It is perhaps not surprising that many otherwise sensible, knowledgeable people are now starting to talk seriously about the potential collapse of our civilization due to runaway global warming. After years of optimistically asserting that all we needed to do was cut back our carbon emissions by greening the economy with renewable sources of energy, the reality of what it would actually take to reduce our emissions to zero has started to sink in. I’m increasing finding others who have started to come to the same conclusions as I arrived at in a rather abrupt awakening.
Rupert Read, a reader in philosophy at the University of East Anglia and past spokesperson for the national Green Party in England, for example, is one of the public figures who is now speaking out about this. “After years of denial, and years of desperate hope,” he said, “I finally reached a point where it was no longer possible for me to not see and understand the fatality that is almost surely upon us. I have come to the conclusion in the last few years that this civilization is going down. It will not last. It cannot, because it shows almost no sign of taking the extreme climate crisis—let alone the broader ecological crisis—for what it is: a long global emergency, an existential threat. This industrial-growthist civilization will not achieve the Paris climate accord goals; and that means that we will most likely see 3–4 degrees of global over-heat at a minimum, and that is not compatible with civilization as we know it.”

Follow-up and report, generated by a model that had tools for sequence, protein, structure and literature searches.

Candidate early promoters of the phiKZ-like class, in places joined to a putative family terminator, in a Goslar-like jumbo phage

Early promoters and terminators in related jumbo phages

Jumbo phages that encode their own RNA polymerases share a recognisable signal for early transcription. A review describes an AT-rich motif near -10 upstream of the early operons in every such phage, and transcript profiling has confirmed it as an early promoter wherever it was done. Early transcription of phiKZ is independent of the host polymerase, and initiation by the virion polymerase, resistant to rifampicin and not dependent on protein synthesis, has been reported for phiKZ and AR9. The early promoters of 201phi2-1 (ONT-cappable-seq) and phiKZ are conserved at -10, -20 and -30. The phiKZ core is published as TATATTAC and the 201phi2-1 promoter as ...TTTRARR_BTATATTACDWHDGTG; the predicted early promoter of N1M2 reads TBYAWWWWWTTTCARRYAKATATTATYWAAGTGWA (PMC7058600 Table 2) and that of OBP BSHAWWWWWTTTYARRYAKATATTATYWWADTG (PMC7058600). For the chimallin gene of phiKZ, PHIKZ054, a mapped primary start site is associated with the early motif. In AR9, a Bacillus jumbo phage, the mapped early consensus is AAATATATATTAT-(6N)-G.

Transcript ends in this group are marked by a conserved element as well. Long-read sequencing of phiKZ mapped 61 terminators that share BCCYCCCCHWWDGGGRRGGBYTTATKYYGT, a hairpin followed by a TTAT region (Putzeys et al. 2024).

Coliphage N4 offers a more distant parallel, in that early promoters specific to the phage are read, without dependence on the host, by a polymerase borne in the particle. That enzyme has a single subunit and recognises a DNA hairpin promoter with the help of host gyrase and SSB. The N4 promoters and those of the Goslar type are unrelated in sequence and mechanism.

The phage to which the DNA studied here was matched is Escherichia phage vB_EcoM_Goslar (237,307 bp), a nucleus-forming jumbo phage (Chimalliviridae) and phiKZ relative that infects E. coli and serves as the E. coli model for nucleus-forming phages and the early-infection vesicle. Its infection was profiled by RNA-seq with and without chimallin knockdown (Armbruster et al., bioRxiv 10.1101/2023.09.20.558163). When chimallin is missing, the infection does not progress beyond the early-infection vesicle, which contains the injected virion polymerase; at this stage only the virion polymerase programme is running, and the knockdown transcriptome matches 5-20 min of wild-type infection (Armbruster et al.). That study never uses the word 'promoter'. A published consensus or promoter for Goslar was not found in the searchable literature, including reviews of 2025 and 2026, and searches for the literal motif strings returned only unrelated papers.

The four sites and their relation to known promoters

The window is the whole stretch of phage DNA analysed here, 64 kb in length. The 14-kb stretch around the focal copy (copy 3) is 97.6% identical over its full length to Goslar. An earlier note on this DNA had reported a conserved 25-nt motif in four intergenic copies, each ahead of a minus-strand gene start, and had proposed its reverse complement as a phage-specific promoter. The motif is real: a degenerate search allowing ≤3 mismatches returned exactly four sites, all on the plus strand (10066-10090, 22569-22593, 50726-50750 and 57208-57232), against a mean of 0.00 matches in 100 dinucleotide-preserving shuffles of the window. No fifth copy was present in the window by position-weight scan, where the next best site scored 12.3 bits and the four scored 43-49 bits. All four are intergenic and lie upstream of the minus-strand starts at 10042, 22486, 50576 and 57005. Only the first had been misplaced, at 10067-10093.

In his view, we face three possible future trajectories. First, our civilization could collapse utterly and terminally as a result of climate instability. This would likely be initiated by catastrophic food shortages, or possibly sooner through nuclear war, pandemic, or a financial collapse leading to mass civil breakdown, all probably precipitated in part by ecological or climate instability.
Alternatively, this civilization will manage to seed a future successor civilization, as this one collapses. Or thirdly, this civilization will somehow manage to transform itself deliberately, radically and rapidly, in an unprecedented manner, in time to avert collapse. This latter possibility, he believes, is the least likely, although it would still be far better than the other two options which clearly will inflict suffering and death on an unprecedented scale.
Under various labels, the idea of preparing for a successor civilization is starting to gain traction. Under the banner of Deep Adaptation, Dr. Jem Bendell, Professor of Sustainability Leadership, has launch what might grow into a significant movement. “It is a truism that we do not know what the future will be,” Bendell writes in an academic paper that went viral online. “But we can see trends. We do not know if the power of human ingenuity will help sufficiently to change the environmental trajectory we are on. Unfortunately, the recent years of innovation, investment and patenting indicate how human ingenuity has increasingly been channelled into consumerism and financial engineering. We might pray for time. But the evidence before us suggests that we are set for disruptive and uncontrollable levels of climate change, bringing starvation, destruction, migration, disease and war.”